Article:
Minnesota is the land of 10,000 lakes but did you know chloride contamination is a major concern for our water bodies? Salt and anti-icing agents help keep our roads and sidewalks free of ice and snow, but they also contaminate our lakes and streams. In fact, just one teaspoon of salt is enough to pollute five gallons of water indefinitely - wrap your head around that! This month, Energy City Insights is focusing on environmentally friendly snow/ice removal for your home and/or business.
Slippery driveway or sidewalk? While salt may seem like an easy solution, the best way to avoid slippery surfaces outside is to shovel snow right away, before it turns to ice. The more you can remove manually, the less need you’ll have for salt - not to mention it’s a great workout!
If salt is necessary, please consider the following tips:
- Salt doesn’t work in temperatures below 15 degrees
- Scatter salt - aim for 3 inches of space between granules, any more than is unnecessary and more costly
- Clean up leftover salt and anti-icing agents for reuse
- Salt takes times to work – be patient and give the salt some time to do its job before re-applying
Salt pollutes lakes, streams, wetlands and groundwater - the consequences of which will have a lasting effect on all of us for generations to come. Once chlorine from salt enters water, there is no way to remove it. High concentrations of chlorine can harm both aquatic wildlife and vegetation. Salt also can alter the composition of ground soil, impacting plants and endangering waterways as rain runoff carry soil to catch basins and other waterbodies.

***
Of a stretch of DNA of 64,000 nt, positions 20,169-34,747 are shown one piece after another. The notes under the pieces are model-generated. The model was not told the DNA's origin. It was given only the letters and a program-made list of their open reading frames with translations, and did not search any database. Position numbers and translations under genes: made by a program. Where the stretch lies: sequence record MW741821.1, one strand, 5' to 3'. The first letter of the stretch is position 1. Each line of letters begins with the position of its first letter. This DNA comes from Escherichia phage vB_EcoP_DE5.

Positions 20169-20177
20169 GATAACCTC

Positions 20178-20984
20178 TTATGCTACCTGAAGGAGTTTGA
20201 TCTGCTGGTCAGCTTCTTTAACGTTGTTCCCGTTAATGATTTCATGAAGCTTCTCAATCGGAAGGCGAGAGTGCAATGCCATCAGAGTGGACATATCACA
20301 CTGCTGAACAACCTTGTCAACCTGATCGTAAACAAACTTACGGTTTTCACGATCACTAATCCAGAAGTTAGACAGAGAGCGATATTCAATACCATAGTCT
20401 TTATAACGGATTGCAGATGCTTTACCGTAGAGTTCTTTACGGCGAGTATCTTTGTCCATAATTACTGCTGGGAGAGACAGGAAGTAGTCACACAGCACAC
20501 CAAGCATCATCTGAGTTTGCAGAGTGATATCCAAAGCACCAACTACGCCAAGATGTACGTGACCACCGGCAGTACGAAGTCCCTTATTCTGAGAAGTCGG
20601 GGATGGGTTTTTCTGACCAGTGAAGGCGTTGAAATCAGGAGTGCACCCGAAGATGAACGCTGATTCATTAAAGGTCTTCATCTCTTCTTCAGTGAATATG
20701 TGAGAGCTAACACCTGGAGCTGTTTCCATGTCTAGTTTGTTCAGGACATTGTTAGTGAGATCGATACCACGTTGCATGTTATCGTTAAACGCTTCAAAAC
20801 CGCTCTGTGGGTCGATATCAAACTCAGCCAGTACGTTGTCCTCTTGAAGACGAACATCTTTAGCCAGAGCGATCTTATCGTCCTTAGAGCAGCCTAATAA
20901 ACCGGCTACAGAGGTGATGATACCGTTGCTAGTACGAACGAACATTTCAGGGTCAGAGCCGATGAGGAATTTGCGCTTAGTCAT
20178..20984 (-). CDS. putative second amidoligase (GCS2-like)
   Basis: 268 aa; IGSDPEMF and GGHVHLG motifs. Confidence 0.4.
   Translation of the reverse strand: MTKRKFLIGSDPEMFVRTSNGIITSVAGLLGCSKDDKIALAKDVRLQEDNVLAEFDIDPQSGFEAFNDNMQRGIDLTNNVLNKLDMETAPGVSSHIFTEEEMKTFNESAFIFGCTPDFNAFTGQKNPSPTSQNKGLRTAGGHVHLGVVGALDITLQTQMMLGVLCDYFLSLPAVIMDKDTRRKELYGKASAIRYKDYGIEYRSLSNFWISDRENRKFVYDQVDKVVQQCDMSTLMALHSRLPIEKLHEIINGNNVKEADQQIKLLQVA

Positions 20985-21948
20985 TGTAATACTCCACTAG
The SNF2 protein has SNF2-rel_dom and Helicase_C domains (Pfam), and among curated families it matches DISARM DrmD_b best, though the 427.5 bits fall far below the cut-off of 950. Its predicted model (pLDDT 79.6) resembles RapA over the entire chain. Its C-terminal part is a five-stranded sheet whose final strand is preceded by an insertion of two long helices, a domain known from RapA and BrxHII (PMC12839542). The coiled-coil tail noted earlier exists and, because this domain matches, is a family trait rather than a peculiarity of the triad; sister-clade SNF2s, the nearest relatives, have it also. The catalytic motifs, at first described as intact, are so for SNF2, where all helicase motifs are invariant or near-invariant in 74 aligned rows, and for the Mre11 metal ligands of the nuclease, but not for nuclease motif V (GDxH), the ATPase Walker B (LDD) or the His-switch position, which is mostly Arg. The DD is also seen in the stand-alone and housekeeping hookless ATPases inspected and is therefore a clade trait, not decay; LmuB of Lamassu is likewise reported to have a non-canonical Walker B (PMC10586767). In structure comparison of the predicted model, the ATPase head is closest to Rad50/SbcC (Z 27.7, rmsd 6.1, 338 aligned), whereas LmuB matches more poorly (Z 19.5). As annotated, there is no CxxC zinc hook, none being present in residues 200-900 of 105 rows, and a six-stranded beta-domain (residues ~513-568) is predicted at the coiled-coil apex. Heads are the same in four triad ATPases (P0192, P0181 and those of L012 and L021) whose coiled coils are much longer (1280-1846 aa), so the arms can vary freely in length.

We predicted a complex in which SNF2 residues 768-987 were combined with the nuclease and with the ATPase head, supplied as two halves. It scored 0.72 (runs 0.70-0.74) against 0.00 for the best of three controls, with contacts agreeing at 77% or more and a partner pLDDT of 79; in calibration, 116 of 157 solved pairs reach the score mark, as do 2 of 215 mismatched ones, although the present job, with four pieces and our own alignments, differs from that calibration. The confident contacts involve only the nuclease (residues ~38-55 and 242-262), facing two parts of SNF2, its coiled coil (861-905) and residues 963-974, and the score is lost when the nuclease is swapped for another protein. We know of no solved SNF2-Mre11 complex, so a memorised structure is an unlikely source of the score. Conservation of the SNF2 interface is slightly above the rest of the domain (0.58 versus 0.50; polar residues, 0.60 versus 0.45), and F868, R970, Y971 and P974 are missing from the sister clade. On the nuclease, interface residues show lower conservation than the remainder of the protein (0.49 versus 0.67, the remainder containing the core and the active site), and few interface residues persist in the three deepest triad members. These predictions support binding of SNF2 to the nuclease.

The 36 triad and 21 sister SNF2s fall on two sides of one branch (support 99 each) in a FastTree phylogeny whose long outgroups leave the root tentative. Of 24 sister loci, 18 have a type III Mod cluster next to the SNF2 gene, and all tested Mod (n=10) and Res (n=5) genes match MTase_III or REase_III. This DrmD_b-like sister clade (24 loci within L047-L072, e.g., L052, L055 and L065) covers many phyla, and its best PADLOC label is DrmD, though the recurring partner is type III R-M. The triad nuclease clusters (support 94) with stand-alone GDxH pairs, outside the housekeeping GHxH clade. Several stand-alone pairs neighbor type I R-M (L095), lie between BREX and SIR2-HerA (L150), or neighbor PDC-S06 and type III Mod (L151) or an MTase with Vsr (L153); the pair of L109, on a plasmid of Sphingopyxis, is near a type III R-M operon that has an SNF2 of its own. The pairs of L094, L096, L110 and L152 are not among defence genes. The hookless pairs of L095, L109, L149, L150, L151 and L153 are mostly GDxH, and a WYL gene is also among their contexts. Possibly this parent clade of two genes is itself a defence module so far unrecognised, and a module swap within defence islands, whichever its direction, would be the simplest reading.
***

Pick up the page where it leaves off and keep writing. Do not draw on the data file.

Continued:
The City of Elk River is doing its best to lead by example in the ongoing effort to establish an environmentally friendly snow and ice removal system, while keeping roadways as safe as possible and in turn minimizing the impacts on local waterways. Pre-treatment along with other best practices, have resulted in a 30% reduction in salt use in recent years, and as new technology and equipment emerge the city hopes to continue to reduce the amount of salt used on city streets while maintaining the same level of safety and service.
More information and state resources can be found online at:
Clean Water MN
Mississippi Watershed Management Organization
Minnesota Pollution Control Agency
Minnesota Public Radio